Each of the major components of the cap--the back panels, the front panels and the peak--form an important part of the cap. The peak of the cap keeps sunlight out of the wearer's eyes. The red mesh back panels keep the wearer's head cool by providing ventilation, while the white foamed front panel shields that part of the wearer's head from sunlight. Accordingly, no one of the three components is deemed to impart the essential character to the instant cap.

GRI 3(c) states that when goods cannot be classified by reference to GRI 3(a) or GRI 3(b), they shall be classified under the heading which occurs last in numercial order among those which equally merit consideration.

Some of the components are made of mixed materials. To determine the classification of a component such as this, the principles of Section XI concerning mixtures of textile materials are applicable, according to Additional U.S. Rule of Interpretation 1(d).

Subheading Note 2 and Note 2(A) to Section XI state that goods that contain a mixture of two or more textile materials are to be classified as if consisting wholly of that one textile material which predominates by weight over each other single textile material. Subheading Note 2 also states that where appropriate, only the part which determines the classification under GRI 3 shall be taken into account.

If the cap was classified as if it consisted only of the man-made knit nylon fibers of the red mesh back panels, it would be classified under subheading 6505.90.60, HTSUSA. If the cap was classified as if it consisted only of the woven cotton of the peak, it would be classified under subheading 6505.90.20, HTSUSA. If the cap was classified as if it consisted only of the knit cotton of the front panel, it would be classified under subheading 6505.90.15, HTSUSA.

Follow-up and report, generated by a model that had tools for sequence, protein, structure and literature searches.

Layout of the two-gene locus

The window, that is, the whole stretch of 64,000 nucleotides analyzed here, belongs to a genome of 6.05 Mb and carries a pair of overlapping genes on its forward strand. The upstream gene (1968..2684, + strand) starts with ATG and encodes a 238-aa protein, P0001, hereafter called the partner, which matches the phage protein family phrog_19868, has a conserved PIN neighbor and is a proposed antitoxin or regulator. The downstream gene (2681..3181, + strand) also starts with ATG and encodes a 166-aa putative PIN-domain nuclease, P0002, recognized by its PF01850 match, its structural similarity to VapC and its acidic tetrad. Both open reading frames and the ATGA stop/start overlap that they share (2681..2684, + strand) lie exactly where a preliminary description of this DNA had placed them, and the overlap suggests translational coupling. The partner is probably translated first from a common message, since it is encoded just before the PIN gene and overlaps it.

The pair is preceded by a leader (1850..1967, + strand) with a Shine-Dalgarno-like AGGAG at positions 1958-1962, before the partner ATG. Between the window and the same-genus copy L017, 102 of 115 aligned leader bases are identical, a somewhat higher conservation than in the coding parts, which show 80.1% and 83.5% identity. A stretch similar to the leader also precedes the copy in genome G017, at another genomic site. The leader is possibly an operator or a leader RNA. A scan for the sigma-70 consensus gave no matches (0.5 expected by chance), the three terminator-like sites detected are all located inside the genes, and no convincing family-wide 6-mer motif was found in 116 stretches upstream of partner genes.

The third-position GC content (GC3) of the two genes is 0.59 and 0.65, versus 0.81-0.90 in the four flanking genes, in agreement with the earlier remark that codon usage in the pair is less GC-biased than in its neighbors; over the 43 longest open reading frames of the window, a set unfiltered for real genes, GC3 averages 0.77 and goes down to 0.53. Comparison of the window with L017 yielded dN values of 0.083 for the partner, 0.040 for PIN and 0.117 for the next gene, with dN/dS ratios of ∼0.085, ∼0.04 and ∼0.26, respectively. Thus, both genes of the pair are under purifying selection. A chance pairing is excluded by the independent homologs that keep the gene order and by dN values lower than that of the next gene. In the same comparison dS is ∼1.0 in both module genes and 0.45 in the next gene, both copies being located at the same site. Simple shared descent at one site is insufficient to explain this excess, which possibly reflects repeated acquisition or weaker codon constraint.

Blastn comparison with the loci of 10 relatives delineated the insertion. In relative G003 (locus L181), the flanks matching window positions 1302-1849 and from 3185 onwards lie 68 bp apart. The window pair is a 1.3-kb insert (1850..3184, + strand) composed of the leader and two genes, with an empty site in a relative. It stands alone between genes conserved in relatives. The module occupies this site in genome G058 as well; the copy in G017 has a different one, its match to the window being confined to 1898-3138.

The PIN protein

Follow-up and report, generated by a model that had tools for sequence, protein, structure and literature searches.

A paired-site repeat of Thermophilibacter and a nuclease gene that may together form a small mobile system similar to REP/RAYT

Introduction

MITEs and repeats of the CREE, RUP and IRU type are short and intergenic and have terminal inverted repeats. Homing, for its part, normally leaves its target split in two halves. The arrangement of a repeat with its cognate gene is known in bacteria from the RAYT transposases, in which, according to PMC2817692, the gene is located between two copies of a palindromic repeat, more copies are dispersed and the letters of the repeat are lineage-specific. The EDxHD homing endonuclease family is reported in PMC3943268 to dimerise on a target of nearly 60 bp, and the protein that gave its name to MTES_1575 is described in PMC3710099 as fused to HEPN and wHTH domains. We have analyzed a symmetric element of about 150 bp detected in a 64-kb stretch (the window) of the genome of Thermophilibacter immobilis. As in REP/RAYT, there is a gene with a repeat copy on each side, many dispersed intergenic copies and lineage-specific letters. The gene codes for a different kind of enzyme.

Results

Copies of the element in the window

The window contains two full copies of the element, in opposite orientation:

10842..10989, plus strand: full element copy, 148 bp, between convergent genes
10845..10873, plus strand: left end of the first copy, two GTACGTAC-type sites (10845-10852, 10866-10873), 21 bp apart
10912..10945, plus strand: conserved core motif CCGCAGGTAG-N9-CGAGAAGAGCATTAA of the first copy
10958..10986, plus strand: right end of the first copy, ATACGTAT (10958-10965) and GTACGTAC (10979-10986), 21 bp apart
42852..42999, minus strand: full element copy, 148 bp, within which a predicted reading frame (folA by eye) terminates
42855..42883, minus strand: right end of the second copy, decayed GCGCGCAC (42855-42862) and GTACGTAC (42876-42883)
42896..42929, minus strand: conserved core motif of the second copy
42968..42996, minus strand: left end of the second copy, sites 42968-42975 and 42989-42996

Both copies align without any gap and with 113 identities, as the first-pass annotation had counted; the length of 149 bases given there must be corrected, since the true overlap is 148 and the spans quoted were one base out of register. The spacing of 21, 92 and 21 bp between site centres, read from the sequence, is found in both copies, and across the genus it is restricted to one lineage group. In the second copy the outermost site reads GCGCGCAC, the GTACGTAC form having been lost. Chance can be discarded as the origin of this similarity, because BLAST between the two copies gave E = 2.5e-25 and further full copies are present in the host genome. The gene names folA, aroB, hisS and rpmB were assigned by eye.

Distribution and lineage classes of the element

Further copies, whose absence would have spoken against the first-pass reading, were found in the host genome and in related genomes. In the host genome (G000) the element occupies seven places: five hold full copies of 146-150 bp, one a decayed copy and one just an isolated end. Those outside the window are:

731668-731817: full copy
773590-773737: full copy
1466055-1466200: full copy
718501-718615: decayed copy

Since subheading 6505.90.60 occurs last numerically of those which merit consideration, the cap at issue would be classified in this subheading.

In Customs Headquarters Ruling Letter (HRL) 087060 of August 17, 1990, this office held that a similar cap with a braid was classified as "not in part of braid," therefore the instant cap is classified under the subheading for "not in part of braid," 6505.90.6080, HTSUSA.


The instant cap is classified under subheading 6505.90.6080, HTSUSA, which provides for hats and other headgear, knitted or crocheted or made up from knitted or crocheted fabric, not in part of braid, other, other. The rate of duty is 14.1 percent ad valorem plus 39.7 cents per kilogram. The textile category is 659.

Due to the changeable nature of the statistical annotation (the ninth and tenth digits of the classifiction) and the retraint (quota/visa) categories applicable to textile merchandise, you should contact your local Customs office prior to importation of this, merchandise to determine the current status of any import restraints or requirements.

The designated textile and apparel category may be subdivided into parts. If so, visa and quota requirements applicable to the subject merchandise may be affected. In as much as part categories are the result of international bilateral agreements which are subject to frequent renegotiations and changes, to obtain the most current information available, we suggest that you check, close to the time of shipment, the Status Report on Current Import Quotas (Restraint Levels), an internal issuance of the U.S. Customs Service, which is vailable for inspection at your local Customs office.

Regarding your question about the proper fiber content marking under the Textile Fiber Products Identification Act, we suggest, since so many different components are involved in the manufactured of this cap,, that you consult the Federal Trade Commission (FTC) directly. The FTC's national office is located at Pennsylvania Avenue and 6th Street, N.W., Washington, D.C. 20580.


John Durant, Director